What is the West Coast of Canada Known for? 

Adjuster British Colombia

Canada has five regions, namely, the Atlantic Provinces, Central Canada, the Prairie Provinces, the Northern Territories and the West Coast. However, unlike the other four regions, the West Coast of Canada actually consists of the claims the province of British Columbia only. 

British Columbia is packed with diversity, not only with people but with its landscapes and offerings too. You could go north and explore true wilderness in the form of ancient rainforests and take a peek at how First Nations peoples have lived in these parts of Canada for over 10,000 years. Or, head east where you’ll find vine yards and rows of fruit trees in orchards. Plus, you can visit resort towns and bustling cities. It’s not farfetched to say that the West Coast of Canada has something for everyone. 

The Canadian Rockies

The Canadian Rocky Mountains is the northern part of the mountain range that crosses North America. It starts from British Columbia through the United States all the way down south to New Mexico, a range of some 3,000 miles. 

It lies along the border between British Columbia and Alberta. From the B.C. side, you can catch a view of the majestic snow-capped mountains from Kootenay and Yoho National Parks. These two national parks, along with Banff and Jasper National Parks on the Alberta side and three provincial parks in B.C., form the Canadian Rocky Mountain Parks World Heritage Site.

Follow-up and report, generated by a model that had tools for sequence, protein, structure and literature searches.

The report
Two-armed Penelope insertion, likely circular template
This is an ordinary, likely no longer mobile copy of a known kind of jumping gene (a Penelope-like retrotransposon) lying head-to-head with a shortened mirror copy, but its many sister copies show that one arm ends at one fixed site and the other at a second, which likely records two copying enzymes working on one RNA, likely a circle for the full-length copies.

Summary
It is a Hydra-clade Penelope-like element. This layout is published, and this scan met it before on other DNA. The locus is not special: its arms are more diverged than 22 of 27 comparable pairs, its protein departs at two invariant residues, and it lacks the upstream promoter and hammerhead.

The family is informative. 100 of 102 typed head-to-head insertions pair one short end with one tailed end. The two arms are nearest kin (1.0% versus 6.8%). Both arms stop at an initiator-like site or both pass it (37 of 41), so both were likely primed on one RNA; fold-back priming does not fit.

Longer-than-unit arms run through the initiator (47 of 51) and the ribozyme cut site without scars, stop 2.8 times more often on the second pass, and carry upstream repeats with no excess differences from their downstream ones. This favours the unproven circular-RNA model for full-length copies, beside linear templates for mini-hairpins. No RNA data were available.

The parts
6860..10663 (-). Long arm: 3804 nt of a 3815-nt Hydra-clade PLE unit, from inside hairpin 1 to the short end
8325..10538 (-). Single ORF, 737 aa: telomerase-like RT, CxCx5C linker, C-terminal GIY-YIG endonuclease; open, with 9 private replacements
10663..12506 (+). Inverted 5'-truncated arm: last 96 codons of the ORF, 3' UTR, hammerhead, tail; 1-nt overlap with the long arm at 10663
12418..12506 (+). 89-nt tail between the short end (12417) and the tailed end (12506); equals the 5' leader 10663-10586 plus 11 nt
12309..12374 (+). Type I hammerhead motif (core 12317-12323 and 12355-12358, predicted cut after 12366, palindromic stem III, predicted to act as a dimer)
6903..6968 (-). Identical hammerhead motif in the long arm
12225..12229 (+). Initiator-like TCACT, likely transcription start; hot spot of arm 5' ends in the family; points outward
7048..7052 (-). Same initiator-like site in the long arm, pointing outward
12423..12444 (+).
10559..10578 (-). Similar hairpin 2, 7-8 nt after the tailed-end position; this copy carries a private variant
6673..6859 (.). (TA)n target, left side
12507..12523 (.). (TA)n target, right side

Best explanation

The parks are popular places for hiking, climbing, skiing and other outdoor activities.

Okanagan Valley

It is called “the Napa of the North” and for good reason. Okanagan Valley is the second-largest wine region in Canada with more than 150 wineries and over 200 vineyards. These dot the Okanagan Lake’s 135-mile shoreline.  

Wine is big in this region and draws locals and international tourists alike. You can easily spend a day touring the vineyards and tasting award-winning vintages in Kelowna or Vernon, around Summerland or Naramata Bench. If you’re American and live near the border, visit anywhere between Oliver and Osoyoos. Or, come during the Okanagan Wine Festival, which is held in spring, summer and autumn. 

Aside from vineyards and wines, Okanagan is also the fruit-growing capital of Canada, so check out the farmers markets for fresh produce. Or, cycle along the Kettle Valley Rail Trail for beautiful scenery. And, in the winter, catch some powder at Silver Star or Big White ski resorts.

The City of Vancouver

Food and the outdoors are two defining features of Vancouver. It is a very walkable city, or you could decide to cycle along its dedicated bike lanes. You can go on a hike or head to the water for a short paddle. Snow-capped mountains are also within reach for those who’d like to ski or snowboard.

Vancouvers is also a foodie haven filled with diverse flavors, ranging from Indigenous dishes to international cuisine. You’ll find Chinese, Japanese and Indian food here easily. And, you can have your pick of casual dining at food trucks or fine dining at Michelin-starred restaurants. Be sure to try dishes with fresh seafood and local produce. 

In addition, don’t miss Stanley Park, one of the largest urban green spaces in the continent. With 400 hectares, the park has plenty of space for trails and spots to appreciate the view of the forest, mountain and ocean. 

Victoria the Capital